Our Old Stack

Over three years ago our founders hired some consultants to build an MVP for their vision. They came back with PHP/Drupal and MySQL, a monolithic architecture. It was functional, allowing the founders to start growing the business. Customers were trying it out, and loving the service. The business had legs and traffic was steadily rising. Fast forward to last year, and our infrastructure was handling the flow, but it was creaking loudly. This architecture was fragile, and it didn't scale well in any direction.

Some of the issues we had with the codebase included:

  • Monolithic code base. How do you make changes to one part without releasing everything else? How do you this with 20 devs? 100?
  • How do you improve performance in this architecture? Caching will help some if your data is mostly static. Scaling horizontally at this level may not be not enough to increase throughput, it's too coarse and it requires logical separation to avoid DB concurrency issues.
  • Concerns weren't separated, so one component going down risks taking down the whole site. Ideally you have "swim lanes", basically silos where if any component in the tech stack goes down, only that silo is affected. The product detail page can go down without taking down checkout, the homepage can be unavailable but those on product pages don't notice.
  • How do you support multiple platforms? We don't want to write the same database logic in many different places, and the monolithic code base won't support apps for iphone, android, or ipad.
  • The Drupal Code was spaghetti code. There was SQL in the views and controllers, which meant even making simple view changes was complex and risky. Adding insult to injury, the test coverage was non-existent. This made iterating a dangerous task.

Making it Scale

We like to think of Scalability in terms of the AFK Scalability Cube[1]. There are three axes for scaling you application

  1. The Y - axis (Splitting architecture out by service or function)
  2. The X - axis (Creating N instances of a component, all replicas. Excluding 1 designated for writes. Fronted by a load balancer)
  3. The Z - axis (Splitting resources by user characteristics. i.e The West coast on 1 pool, the East on another)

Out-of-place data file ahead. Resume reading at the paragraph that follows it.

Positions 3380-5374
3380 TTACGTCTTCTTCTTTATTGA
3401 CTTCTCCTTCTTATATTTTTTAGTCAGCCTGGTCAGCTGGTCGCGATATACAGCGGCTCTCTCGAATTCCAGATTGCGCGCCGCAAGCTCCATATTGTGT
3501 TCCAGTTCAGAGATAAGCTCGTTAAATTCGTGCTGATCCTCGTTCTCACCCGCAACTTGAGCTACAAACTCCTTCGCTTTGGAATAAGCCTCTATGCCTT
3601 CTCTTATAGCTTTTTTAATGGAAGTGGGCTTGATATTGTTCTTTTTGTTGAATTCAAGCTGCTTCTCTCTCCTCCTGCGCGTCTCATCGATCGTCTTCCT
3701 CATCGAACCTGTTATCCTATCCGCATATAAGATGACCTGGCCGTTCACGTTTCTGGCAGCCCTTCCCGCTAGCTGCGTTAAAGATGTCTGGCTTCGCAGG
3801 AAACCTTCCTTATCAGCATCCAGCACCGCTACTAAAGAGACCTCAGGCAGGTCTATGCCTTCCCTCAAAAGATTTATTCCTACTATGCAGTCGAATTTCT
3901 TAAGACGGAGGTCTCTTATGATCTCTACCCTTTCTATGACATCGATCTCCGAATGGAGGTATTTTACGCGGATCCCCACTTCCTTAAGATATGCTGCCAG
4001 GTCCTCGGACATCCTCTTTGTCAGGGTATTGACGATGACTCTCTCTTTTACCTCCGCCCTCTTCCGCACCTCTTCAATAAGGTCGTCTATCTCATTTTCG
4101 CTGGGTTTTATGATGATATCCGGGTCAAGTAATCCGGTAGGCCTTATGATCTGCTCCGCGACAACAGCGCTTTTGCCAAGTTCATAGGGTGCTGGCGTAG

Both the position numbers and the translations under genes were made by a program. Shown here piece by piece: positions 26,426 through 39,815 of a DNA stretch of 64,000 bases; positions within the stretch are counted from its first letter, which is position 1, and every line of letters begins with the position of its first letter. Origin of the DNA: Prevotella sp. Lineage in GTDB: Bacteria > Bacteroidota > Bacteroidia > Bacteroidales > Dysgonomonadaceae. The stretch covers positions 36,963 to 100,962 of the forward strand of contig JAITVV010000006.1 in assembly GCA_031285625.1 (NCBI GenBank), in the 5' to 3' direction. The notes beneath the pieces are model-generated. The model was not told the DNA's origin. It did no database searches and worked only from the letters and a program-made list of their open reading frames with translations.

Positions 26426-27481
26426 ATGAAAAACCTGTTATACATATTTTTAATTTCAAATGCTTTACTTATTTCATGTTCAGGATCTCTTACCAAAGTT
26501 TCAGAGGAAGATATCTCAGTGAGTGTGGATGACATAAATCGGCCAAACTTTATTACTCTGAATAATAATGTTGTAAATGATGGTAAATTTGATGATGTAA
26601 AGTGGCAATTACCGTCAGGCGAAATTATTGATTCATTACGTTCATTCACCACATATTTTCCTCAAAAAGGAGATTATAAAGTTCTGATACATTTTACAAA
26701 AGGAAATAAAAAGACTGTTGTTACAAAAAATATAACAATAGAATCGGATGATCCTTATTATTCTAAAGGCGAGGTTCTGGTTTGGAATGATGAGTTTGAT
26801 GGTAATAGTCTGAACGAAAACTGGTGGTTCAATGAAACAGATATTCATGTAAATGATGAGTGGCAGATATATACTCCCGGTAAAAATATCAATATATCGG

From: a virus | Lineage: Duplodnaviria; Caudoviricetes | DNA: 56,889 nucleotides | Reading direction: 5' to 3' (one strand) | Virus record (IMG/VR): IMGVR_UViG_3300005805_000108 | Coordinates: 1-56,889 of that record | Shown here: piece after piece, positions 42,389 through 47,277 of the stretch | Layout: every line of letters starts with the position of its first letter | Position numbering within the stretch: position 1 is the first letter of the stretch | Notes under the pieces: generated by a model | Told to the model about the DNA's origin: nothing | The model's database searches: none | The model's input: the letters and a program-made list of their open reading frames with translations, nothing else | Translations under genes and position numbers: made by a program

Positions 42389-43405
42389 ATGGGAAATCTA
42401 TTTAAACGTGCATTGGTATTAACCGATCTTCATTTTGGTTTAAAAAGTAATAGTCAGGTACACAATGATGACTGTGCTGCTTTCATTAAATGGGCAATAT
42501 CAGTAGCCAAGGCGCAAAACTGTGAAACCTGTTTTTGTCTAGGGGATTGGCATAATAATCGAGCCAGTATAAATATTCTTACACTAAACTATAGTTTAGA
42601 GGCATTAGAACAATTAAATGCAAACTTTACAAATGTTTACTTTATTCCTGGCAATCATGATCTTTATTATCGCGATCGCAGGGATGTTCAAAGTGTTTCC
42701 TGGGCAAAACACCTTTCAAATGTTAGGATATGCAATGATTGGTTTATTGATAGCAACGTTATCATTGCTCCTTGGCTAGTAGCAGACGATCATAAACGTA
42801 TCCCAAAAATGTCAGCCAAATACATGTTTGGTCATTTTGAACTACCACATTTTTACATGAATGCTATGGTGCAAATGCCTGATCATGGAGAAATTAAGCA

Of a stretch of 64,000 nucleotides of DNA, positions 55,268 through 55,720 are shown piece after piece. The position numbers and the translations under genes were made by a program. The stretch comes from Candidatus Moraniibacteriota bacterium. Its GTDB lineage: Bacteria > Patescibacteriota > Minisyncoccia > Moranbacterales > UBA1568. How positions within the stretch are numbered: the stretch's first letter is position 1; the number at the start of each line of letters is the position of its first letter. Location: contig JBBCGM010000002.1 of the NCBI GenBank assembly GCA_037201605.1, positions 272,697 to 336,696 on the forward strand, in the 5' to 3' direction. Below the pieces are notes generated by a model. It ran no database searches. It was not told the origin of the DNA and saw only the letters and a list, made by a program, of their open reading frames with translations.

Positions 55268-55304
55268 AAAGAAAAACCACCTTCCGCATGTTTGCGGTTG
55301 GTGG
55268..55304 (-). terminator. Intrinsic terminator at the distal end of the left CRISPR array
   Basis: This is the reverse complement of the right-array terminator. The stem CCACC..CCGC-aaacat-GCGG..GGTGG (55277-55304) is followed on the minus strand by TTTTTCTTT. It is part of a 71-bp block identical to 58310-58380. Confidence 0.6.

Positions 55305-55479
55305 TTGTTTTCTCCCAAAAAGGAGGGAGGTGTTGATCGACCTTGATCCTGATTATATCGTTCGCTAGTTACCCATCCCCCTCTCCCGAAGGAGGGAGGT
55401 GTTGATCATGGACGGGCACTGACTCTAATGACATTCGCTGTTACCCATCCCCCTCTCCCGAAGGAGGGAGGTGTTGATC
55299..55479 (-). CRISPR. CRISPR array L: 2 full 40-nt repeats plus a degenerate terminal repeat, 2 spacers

The further along these axes you get, the better your application scales. We know we needed a highly availability and concurrency, so we needed to scale in multiple directions.

Here is how we made this happen in practice, some of which we are still iterating on:

  • (Y axis) We started dismantling the monolithic beast and migrating to a Service Oriented Architecture (SOA), based on Java backend web services.
    • RESTful web services delivering JSON
    • The concerns are well separated, a service has a specific job and does that job well
    • Easier for development teams to own a full stack of components. This allows us to create small teams which act on goals without spelling out direction, fostering innovation.
    • Allows for more frequent releases
    • Creates disaster isolation: if only that service goes down, the rest of the site should remain available where you don't have cross swim lane dependencies.
    • Why Java? It is easy to test, easier to scale, and more powerful than most high-level languages.
    • (X axis) We have pools of service instances fronted by load balancers.
      • For a service that is slower or more popular, throw more instances in the pool
      • Since the services themselves are smaller than one big app, you can better leverage hardware resources
      • (Y axis) The view is thin, and renders whatever the services provide.
        • Create different view layers for different platforms